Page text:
years. The construction was costed out and a budget set before anything
It was started in the spring with the farmer gathering together a number
of Railway Sleepers and large ready made concrete slabs that apparently
farmers use to make grain silos and other storage areas. As soon as
construction started there were problems with of course the Covid 19
crisis being the most important. Things were more or less put on hold
throughout the first Lock Down before they recommenced.
After the 4 big concrete sections as used on farms had been properly
sited with two of them being partly buried in an upright position, the
metal sectional girders had to be cut, painted and set in concrete. Next
came the ready mixed concrete and again there were problems with not
only the weather with it being either too cold with frost, or too wet to
work, and even the concrete delivery was cancelled on one occasion
because the mixer had broken down!
Finally the Concrete was laid, levelled and smoothed down properly
before being allowed to set for a few days after which more of the metal
cross sectional girders were cut, painted with metallic paint and bolted
onto the side walls to retain the sleepers securely.
Next the sleepers were carefully cut to length and slotted into the
girder brackets so that they would be held firmly in place, but could be
removed if needed. Old and well weathered railway sleepers were used to
make the dividing walls rather than brick, or block because it was felt
that construction would be easier with the abilities that we had in the
team as well as probably being cheaper and more secure. Safety was a big
issue throughout the whole construction as the parish council were quite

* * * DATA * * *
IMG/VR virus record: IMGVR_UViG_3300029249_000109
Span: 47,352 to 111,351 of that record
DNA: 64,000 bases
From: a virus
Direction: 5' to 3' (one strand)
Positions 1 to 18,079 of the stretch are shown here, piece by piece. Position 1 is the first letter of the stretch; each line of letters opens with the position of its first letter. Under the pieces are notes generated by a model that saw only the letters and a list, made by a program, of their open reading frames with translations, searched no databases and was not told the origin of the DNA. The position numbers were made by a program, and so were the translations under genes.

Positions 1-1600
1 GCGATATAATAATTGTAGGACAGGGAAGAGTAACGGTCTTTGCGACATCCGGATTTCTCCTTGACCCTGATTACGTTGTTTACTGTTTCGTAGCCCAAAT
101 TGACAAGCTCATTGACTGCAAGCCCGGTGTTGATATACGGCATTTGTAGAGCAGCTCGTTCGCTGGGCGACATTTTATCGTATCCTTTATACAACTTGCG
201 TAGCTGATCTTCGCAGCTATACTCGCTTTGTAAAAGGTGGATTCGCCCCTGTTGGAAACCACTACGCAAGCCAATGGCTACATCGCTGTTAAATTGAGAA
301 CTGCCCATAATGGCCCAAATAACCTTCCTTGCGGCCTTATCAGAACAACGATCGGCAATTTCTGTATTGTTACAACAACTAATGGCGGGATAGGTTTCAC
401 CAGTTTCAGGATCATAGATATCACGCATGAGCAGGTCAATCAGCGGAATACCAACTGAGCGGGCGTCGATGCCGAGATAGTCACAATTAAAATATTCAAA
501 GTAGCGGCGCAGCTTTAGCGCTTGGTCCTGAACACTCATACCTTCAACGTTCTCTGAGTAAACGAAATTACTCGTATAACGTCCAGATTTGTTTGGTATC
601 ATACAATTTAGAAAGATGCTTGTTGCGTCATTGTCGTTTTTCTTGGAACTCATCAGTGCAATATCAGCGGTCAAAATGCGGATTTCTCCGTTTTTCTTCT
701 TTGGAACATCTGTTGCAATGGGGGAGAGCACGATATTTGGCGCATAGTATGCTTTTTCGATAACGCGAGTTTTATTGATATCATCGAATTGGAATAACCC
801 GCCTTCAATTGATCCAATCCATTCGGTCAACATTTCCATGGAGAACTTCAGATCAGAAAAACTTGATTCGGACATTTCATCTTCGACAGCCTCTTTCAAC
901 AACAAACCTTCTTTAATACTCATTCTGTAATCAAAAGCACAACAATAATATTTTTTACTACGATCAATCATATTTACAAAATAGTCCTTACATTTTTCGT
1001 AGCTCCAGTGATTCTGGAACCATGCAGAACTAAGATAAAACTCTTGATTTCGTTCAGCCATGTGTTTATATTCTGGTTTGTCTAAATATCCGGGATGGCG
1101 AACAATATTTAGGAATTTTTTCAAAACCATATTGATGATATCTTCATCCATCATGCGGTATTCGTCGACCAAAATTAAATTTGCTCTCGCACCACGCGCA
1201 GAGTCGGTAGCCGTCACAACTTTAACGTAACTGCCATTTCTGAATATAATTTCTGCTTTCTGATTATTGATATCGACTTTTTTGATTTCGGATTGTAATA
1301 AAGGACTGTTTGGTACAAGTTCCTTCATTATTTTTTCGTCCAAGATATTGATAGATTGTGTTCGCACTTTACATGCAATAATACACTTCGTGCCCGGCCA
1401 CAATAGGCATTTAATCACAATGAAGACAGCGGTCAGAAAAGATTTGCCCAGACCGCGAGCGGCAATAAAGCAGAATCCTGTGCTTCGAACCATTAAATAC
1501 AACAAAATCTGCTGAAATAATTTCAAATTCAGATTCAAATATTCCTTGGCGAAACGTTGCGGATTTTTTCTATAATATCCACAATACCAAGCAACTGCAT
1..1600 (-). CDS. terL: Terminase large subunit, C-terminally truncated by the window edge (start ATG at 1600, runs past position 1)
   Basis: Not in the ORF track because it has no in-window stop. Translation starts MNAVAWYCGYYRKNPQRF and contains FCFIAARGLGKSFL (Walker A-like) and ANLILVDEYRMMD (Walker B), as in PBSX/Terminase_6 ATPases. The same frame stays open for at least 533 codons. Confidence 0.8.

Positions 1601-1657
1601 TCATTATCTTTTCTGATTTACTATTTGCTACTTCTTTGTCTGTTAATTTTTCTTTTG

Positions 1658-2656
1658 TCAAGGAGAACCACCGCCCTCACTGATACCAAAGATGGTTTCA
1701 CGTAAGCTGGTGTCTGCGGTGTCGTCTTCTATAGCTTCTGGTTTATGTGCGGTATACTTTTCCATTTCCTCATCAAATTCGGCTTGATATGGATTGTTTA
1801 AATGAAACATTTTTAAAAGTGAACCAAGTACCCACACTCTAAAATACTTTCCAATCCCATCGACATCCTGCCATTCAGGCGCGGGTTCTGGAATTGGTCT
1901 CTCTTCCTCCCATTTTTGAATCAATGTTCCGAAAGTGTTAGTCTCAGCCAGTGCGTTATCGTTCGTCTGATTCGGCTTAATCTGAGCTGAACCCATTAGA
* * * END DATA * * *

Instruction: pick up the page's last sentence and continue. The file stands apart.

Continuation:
involved in a lot of the decision making. Block constructions are
frequently used for this type of thing elsewhere and are prone to damage
from weather and the occasional knock from vehicles and machinery. The
large concrete sections and railway sleepers should not suffer from
With regards to safety it was also deemed necessary to have a drainage
channel at one side of the construction because the whole thing was
built on a bit of a slope with the contour of the site. It was felt that
the slope might make water a problem and at the same time the gravel
edging would alleviate the need for an expansion joint for the large
block of concrete.
The final bits of the construction work were just finished a couple of
days before the second Lock Down came and then it was just a case of
tidying up and filling our new, purpose built, storage area!
It has always been my adopted job to oversee the existing compost bins
and from time to time I have had to remove bits of unsuitable material
that I have spotted. Many people have always assumed that the heap in
the bins is very loose and unsafe to walk on so they invariably tip all
of their rubbish at the front of the bins. However, this is not true as
it quickly packs down and I have often clambered on to the growing piles
both to spread the waste evenly into the corners that would otherwise
never get filled and to remove offending bits of netting, plastic and
To be honest though, the problem has lessened over the years as people
have been told that the soil, that is periodically available, is not a
load of lovely, rich Top Soil that we have had delivered, but a pile of
old weeds dug out from our compost bins!
It is hoped that this message will get through to people a bit more now
and the Committee hope that having our own Compost in a smart, new,
storage area will encourage better practice in using the two large
existing compost bins and help to keep the car park tidier in general.